We live in a fragile world. Every one of us faces profound and escalating challenges– youth unemployment touches many families; income inequality and poverty are a source of shame for many of us in developed countries; whilst it is only the least observant who could fail to recognise the early signs of a profound change in the climate. These challenges are no longer particular to one country or area: they affect most people around the world.
The challenges faced by organisations are no less complex. They too are faced with the implications of climate change, of inequality, and of the gap between their needs and the available pool of talent. These challenges are on a greater and more global scale than ever before, and emerging at an ever faster trajectory. Previously stable companies find themselves on shaky ground – and the negative consequences of the problems that surround them are proving difficult to reverse.
Over the last five years I have directed the Future of Work Research Consortium which brings together executives from more than 50 companies to consider how best to address these challenges. What is clear is that resilience is the key, and to build resilience companies will be called upon to develop a whole new set of tools and ways of innovating.
Building inner resilience
Resilience starts with what happens inside the corporation –with an, intellectually challenging, emotionally vibrant and socially connected community of employees. Those companies, like Tata Consultancy Services and Unilever who are attempting to do this, are using newly emerging technology to amplify the intellectual ideas and knowledge of employees across their businesses. They are ensuring that they gather the social wealth held in the different communities of people and in the networks that crisscross the company and stretch beyond its boundaries.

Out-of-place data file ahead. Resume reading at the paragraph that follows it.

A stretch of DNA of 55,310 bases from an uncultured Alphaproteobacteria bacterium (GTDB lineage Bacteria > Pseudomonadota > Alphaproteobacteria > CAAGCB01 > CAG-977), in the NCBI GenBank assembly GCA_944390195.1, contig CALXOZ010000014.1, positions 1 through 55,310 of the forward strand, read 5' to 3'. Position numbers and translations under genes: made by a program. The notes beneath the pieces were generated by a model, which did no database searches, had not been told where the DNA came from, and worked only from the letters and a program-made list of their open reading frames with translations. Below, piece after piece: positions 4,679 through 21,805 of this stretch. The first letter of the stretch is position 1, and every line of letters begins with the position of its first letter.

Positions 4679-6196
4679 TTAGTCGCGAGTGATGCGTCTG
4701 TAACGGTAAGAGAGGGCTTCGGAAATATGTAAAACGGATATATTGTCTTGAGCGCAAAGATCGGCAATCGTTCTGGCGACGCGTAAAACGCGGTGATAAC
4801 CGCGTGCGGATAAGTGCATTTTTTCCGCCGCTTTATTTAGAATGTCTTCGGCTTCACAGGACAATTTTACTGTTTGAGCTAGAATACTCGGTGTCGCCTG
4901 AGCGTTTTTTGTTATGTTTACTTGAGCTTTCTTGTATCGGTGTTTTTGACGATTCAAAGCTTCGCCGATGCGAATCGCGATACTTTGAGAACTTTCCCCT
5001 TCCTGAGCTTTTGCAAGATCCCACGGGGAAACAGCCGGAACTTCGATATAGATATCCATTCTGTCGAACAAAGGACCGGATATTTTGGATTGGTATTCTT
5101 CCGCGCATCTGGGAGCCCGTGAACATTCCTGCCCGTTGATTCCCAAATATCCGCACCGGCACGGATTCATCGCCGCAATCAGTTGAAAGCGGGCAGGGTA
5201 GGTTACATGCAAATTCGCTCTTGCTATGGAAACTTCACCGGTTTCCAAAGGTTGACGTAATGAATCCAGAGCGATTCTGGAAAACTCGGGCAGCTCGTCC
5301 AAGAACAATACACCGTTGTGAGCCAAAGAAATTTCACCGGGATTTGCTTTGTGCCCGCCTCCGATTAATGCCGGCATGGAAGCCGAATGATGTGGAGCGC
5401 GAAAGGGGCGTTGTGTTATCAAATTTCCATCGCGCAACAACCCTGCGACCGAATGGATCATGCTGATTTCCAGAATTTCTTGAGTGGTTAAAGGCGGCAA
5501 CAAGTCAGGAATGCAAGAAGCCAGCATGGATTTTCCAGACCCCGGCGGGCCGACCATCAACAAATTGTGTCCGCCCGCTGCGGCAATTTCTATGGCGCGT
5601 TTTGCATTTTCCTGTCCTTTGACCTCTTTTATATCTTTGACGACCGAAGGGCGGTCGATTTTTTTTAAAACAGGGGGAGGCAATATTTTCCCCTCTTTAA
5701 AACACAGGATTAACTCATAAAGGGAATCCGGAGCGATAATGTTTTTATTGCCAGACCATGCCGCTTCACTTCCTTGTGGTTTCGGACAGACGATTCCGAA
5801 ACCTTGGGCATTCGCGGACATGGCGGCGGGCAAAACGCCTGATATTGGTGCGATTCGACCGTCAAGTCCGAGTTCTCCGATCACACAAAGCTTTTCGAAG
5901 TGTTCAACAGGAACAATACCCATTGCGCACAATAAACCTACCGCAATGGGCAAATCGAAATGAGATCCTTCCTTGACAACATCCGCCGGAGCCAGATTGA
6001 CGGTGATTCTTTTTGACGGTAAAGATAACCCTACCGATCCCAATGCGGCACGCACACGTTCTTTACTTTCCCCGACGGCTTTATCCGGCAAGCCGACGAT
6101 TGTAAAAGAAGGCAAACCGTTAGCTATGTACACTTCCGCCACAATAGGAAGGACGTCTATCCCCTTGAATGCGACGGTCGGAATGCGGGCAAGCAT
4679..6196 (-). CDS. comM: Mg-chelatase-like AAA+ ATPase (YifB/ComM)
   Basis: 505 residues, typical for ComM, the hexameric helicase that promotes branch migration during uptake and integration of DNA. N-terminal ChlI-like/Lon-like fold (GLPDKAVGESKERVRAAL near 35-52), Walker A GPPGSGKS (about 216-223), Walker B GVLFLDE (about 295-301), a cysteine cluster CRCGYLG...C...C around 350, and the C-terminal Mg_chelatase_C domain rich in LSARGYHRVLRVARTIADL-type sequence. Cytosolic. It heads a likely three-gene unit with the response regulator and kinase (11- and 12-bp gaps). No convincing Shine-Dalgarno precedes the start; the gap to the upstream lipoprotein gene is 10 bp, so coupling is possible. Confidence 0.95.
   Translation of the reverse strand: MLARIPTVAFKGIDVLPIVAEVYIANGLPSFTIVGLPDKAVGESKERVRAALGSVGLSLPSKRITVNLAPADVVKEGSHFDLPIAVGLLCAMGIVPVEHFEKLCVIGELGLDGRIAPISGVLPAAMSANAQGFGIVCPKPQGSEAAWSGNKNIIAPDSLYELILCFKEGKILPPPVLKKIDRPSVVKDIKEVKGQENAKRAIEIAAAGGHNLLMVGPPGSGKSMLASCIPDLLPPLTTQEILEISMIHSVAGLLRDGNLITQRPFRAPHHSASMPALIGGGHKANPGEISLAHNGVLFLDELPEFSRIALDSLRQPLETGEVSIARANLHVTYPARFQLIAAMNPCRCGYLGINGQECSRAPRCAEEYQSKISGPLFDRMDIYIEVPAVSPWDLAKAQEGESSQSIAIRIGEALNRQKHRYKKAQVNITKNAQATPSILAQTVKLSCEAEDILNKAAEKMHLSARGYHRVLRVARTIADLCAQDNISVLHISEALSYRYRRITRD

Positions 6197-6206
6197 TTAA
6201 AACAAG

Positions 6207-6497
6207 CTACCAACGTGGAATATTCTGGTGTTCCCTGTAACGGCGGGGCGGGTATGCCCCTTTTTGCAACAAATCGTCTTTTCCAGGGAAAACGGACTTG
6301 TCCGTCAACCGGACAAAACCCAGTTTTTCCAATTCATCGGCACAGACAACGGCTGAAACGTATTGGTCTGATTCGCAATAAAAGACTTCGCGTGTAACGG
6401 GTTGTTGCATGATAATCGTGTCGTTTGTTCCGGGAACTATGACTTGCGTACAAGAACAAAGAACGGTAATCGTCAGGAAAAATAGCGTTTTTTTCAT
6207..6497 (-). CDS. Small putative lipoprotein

Executives also need to think hard about how to design jobs in a way that they enhance rather than denude the emotional vitality of their employees. For some, like BT, the wide-scale adoption of flexible working is allowing people to manage their own time in a positive and enhancing way. Others, like Deloitte are thinking hard about how to break the career hierarchies and introduce a matrix process that allows people to increase or decrease their contribution at different stages of their working life.
The importance of outer resilience
Creating a foundation of resilience is critical – and in some corporations there is also a focus on building resilience in supply chains and in the wider world they operate in. This is crucial because increasingly companies do not exist independently of the rest of the world, and their future is reliant on their interaction with the communities in which they are embedded
I saw this at Danone where people across the company are actively working with farmers in their supply chain to ensure that they are building strong communities – the John Lewis Partnership is doing the same in the UK. These are corporations that are facing the challenges of our increasingly fragile world head-on, by recognising their connection with the outside world. They understand that their businesses are profoundly related to the communities in which they work and are able to think differently and comprehensively about the larger environment in which they operate. Some, like Royal Dutch Shell, are using scenario planning to help executives really become aware of the forces shaping their lives and their businesses. It is this awareness that will enable them to face these forces in a positive way, seeing them as opportunities rather than threats. The final piece of the puzzle is leadership: building resilience needs leaders who are prepared to balance long- term needs with short- term financial results.
What is clear to me is that being resilient requires making the choices that are positive for employees, investors and those in the communities they touch.
Lynda's latest book, The Key: How Corporations Succeed by Solving the World’s Toughest Problems, is out on 9th June.